First woman homesteader offers glimpse of little-known history
By Fred Knapp , Reporter/Producer Nebraska Public Media
Dec. 3, 2013, 4:30 a.m. ·
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Many Nebraskans may know the name of Daniel Freeman, the first to register a claim under the Homestead Act. His neighbor, Mary Meyer, is less famous. But the story of the first woman homesteader provides a glimpse of how women contributed to, and benefited from, the Act that helped settle the frontier.
On a recent bright fall morning, Robert Graff looked out the picture window of the modern house on land near Beatrice, Neb. his great-grandfather Joseph Graff homesteaded 150 years ago. Robert Graff gestured toward the Mennonite Church just to the east.
“Joseph’s ground goes to where the fence is on this side of the church. Where the cornfield goes up over the hill, that’s Mary’s homestead,” he said.
That “Mary” is Mary Meyer (also known as Marianna, with her last name spelled Myer, Myers, and Meier in various different places). Meyer was Joseph Graff’s mother-in-law, Robert Graff’s great-great grandmother, and recent research suggests, the nation’s first woman homesteader.
Mary Meyer (Photo courtesy of Robert Graff)
The Homestead Act offered free land to settlers if they promised to live on the land, build a home, make improvements and farm for five years. It took effect January 1, 1863, which is when Daniel Freeman filed the first claim.
Less than three weeks later, Joseph Graff and Mary Meyer filed their homestead claims at the land office in Brownville, Neb. about 60 miles east of Beatrice. “They went over in January, on horseback,” Graff said. “Can you imagine that?"
Genealogist Gail Blankenau, who’s researched historical records for stories of women homesteaders, said that gives Meyer a good claim to being the first woman homesteader. “She’s very likely first. First, she was January 20, 1863. That is extremely early in the history of the Homestead Act. She’d already been on the land for several years,” Blankenau said.
According to Robert Graff, Meyer, her husband Phillip, their daughter Theresa and her husband Joseph Graff moved to what would become their homesteads in 1860. “They decided, 'We can live on this ground until somebody else wants to buy it. So we don’t have to pay for it until then.’ That’s 1860. And then in 1862, the Act was passed; in 1863, you could sign up,” Graff said.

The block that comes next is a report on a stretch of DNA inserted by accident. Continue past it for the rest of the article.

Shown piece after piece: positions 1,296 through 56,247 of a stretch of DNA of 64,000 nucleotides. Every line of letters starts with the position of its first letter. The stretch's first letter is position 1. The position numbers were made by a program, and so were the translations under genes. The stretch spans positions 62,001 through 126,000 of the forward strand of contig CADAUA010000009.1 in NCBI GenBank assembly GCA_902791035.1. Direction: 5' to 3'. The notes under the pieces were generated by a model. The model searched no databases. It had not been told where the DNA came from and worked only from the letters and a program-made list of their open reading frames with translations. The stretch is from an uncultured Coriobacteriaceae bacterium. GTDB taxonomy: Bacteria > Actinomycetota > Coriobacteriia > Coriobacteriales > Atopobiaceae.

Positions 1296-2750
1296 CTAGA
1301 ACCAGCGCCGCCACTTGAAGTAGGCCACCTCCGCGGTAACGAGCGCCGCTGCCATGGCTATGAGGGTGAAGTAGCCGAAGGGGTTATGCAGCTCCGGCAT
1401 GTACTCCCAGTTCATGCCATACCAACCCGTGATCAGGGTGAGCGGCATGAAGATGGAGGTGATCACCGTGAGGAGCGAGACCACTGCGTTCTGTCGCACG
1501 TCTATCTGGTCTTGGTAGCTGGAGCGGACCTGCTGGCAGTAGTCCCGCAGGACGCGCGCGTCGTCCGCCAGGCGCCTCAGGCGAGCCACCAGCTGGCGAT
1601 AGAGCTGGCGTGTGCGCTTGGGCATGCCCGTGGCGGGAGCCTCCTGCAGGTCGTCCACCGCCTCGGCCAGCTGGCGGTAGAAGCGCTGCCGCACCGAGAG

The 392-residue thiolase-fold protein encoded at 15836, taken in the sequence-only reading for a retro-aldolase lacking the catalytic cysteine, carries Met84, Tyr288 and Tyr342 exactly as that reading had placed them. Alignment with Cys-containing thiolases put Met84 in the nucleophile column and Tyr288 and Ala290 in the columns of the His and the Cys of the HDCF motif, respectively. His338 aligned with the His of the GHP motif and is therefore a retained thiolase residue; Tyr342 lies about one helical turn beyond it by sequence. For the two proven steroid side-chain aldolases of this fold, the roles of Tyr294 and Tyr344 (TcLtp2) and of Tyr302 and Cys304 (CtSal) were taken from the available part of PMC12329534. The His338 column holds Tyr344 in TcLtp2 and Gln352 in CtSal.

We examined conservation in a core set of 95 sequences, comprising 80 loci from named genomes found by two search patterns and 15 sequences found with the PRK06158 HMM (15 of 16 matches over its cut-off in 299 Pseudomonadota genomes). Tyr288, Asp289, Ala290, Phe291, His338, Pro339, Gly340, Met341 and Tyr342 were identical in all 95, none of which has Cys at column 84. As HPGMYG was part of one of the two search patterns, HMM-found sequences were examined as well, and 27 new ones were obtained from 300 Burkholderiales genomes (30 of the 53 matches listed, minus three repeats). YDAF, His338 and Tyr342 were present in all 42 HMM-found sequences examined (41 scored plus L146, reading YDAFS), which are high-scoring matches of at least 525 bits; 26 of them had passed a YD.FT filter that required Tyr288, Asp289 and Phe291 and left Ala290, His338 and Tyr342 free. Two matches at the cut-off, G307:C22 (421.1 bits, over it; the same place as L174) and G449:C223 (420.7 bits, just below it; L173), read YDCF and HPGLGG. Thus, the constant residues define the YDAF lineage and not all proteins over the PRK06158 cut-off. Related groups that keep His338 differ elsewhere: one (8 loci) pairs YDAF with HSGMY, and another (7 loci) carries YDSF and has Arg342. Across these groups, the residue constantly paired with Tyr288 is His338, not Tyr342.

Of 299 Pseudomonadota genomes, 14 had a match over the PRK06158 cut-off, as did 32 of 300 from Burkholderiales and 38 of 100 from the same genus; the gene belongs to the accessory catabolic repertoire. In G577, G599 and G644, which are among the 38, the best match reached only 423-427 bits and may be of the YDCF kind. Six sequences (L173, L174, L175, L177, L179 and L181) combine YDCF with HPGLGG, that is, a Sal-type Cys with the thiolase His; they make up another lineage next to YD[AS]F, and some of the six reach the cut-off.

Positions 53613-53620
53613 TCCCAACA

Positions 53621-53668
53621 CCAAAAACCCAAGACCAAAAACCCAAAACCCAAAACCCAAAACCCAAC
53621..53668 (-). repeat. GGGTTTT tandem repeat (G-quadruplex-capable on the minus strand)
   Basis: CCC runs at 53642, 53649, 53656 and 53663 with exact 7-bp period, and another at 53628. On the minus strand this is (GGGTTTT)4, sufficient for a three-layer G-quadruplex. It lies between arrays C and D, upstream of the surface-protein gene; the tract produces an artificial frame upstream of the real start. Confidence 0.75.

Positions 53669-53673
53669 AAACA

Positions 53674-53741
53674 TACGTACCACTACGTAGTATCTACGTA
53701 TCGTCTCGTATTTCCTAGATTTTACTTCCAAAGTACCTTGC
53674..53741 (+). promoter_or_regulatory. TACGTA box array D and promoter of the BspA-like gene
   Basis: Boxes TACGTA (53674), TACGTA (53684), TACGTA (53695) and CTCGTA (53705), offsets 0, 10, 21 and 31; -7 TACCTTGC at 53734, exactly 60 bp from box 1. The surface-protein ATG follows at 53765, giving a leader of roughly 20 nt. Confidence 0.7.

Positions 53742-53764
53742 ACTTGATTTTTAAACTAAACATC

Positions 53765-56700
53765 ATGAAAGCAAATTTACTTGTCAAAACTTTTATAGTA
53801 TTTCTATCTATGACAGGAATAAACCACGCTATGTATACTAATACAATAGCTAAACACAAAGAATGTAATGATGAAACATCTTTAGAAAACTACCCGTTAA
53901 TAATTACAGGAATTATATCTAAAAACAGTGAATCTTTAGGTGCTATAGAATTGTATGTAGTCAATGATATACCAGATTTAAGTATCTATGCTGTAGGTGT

During those years, Meyer’s husband died. Nevertheless, she went ahead and filed almost as soon as she could. Blankenau said that was more common than people think. “Sometimes when we tell homestead stories, we tend to think of 'Little House on the Prairie' where it’s a family. And that was the most typical experience. But there were thousands of women who came out on their own or with small children who did it on their own, and Mary is one of them,” she said.
Blankenau said Mary probably got some help from her son in law, and Graff said she hired a young man as well. But she never remarried, and the homestead remained in her name until she sold it in 1877.
Meyer was hardly the only woman homesteader. In fact, historian Blake Bell said recent research suggests nearly a quarter of Nebraska’s early homesteaders were women. Bell is historian at the Homestead National Monument, on the site of Daniel Freeman’s first homestead, about a mile from the Graff’s and the Meyers’.
Bell said there were important reasons for women to homestead. “Land is power. It really is. And especially in the mid-19th century. And women that are able to acquire land were able to increase not only their economic power, they’re increasing their social and political power as well,” he said.
Bell pointed out in the majority of the 30 states where homesteading took place, women got the right to vote before the 19th Amendment to the Constitution made it mandatory. The same was true in only a handful of non-homestead states.
Bell said voting drove other changes as well. “When you have women in the political arena, all of a sudden you start seeing compulsory education. You see better hospitals. You see better social services being offered, because women are in there voting; they’re fighting for these things that they believe in, that primarily were ignored by men,” he said.
Mary Meyer was making improvements on her new homestead noted on the document when she “proved up,” showing she had met the requirements for the land after five years. The document showed she had a 16 by 26-foot house, fruit trees, grape vines, 35 cultivated acres, a coral, corn crib, chicken coop, and a well.
Blankenau said the document was signed by two witnesses: one of them was Meyer’s son-in-law, Joseph Graff. The other was Daniel Freeman. “When I saw that, when I opened up that page, and I saw that it was Daniel Freeman who signed hers… that was a pretty cool moment,” Blankenau said. “Everyone knows who Daniel Freeman is who’s done anything with Homestead records.”
Thanks to the work of people like Blankenau, Bell and Robert Graff, in the future something similar may be said of Mary Meyer.
Editor's note: For information on requesting homestead records, click here.
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